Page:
Gibbons v. Ogden Allowed congress to have wider power over interstate commerce. The opinion of the court stated that commerce includes all kinds of business and trade between nations and the states.
Full faith and credit A clause in Article IV, Section 1, of the Constitution requiring each state to recognize the official documents and civil judgments rendered by the courts of other states.
extradition A legal process whereby an alleged criminal offender is surrendered by the officials of one state to officials of the state in which the crime is alleged to have been committed.
dual federalism A system of government in which both the states and the national government remain supreme within their own spheres, each responsible for some policies.
Cooperative federalism A system of government in which powers and policy assignments are shared between states and the national government. They may also share costs, administration, and even blame for programs that work poorly.
fiscal federalism The pattern of spending, taxing, and providing grants in the federal system; it is the cornerstone of the national government’s relations with state and local governments.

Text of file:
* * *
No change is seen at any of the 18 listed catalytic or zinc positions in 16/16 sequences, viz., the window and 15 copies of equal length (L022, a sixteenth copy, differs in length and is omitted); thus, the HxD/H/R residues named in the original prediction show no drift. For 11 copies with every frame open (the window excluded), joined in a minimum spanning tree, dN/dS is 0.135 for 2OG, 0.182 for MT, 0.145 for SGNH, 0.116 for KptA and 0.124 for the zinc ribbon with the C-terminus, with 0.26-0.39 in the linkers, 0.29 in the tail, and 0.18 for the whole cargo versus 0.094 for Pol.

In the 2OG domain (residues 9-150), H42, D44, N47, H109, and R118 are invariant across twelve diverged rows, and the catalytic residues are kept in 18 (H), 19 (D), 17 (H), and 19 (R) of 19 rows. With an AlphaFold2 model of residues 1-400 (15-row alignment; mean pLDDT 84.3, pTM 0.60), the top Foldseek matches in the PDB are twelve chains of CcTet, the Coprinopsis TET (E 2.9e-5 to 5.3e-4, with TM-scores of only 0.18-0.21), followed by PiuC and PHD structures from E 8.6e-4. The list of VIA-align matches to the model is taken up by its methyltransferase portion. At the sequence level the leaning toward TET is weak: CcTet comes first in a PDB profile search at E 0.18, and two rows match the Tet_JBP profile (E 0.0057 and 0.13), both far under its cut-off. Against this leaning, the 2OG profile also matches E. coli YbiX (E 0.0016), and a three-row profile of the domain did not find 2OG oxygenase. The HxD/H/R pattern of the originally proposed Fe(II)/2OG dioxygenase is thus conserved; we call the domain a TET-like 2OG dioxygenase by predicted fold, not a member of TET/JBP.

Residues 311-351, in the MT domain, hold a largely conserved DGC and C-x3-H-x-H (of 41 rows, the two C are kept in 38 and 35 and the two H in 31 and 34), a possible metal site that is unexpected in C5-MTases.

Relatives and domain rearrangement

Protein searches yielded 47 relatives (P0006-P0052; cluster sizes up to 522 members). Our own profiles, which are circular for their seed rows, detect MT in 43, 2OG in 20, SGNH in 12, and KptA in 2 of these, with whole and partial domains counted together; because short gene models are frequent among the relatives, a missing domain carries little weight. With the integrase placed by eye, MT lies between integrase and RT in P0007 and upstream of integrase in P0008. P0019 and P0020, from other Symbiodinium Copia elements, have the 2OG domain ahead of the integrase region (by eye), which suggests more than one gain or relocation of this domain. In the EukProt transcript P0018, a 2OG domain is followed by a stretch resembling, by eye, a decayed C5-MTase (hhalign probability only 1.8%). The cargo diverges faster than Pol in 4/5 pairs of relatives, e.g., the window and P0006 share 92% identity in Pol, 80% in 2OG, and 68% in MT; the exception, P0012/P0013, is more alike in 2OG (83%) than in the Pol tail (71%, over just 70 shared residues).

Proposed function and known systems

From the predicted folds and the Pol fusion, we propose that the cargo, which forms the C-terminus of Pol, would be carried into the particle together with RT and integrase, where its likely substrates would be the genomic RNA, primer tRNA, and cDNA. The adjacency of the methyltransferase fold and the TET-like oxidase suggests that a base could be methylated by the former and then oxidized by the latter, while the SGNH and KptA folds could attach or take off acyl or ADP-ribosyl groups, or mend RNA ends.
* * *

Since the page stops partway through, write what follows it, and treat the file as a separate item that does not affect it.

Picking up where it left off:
categorical grants Federal grants that can be used only for specific purposes, or “categories,” of state and local spending. They come with strings attached, such as nondiscrimination provisions.
Project grants Federal grants given for specific purposes and awarded on the basis of the merits of applications. A type of the categorical grants available to states and localities.
formula grants Federal categorical grants distributed according to a formula specified in legislation or in administrative regulations.
block grants Federal grants given more or less automatically to states or communities to support broad programs in areas such as community development and social services.
Civil liberties The legal constitutional protections against government. Although our civil liberties are formally set down in the Bill of Rights, the courts, police, and legislatures define their meaning.
Bill of Rights The first 10 amendments to the U.S. Constitution. These amendments define such basic liberties as freedom of religion, speech, and press and offer protections against arbitrary searches by the police and being held without talking to a lawyer
First Amendment Freedom of Religion, Speech, Press, Assembly, and Petition
Fourteenth Amendment Citizenship and Civil Rights
selective incorporation
establishment clause Part of the First Amendment stating “Congress shall make no law respecting an establishment of religion.”
Free-exercise clause A First Amendment provision that prohibits government from interfering with the practice of religion.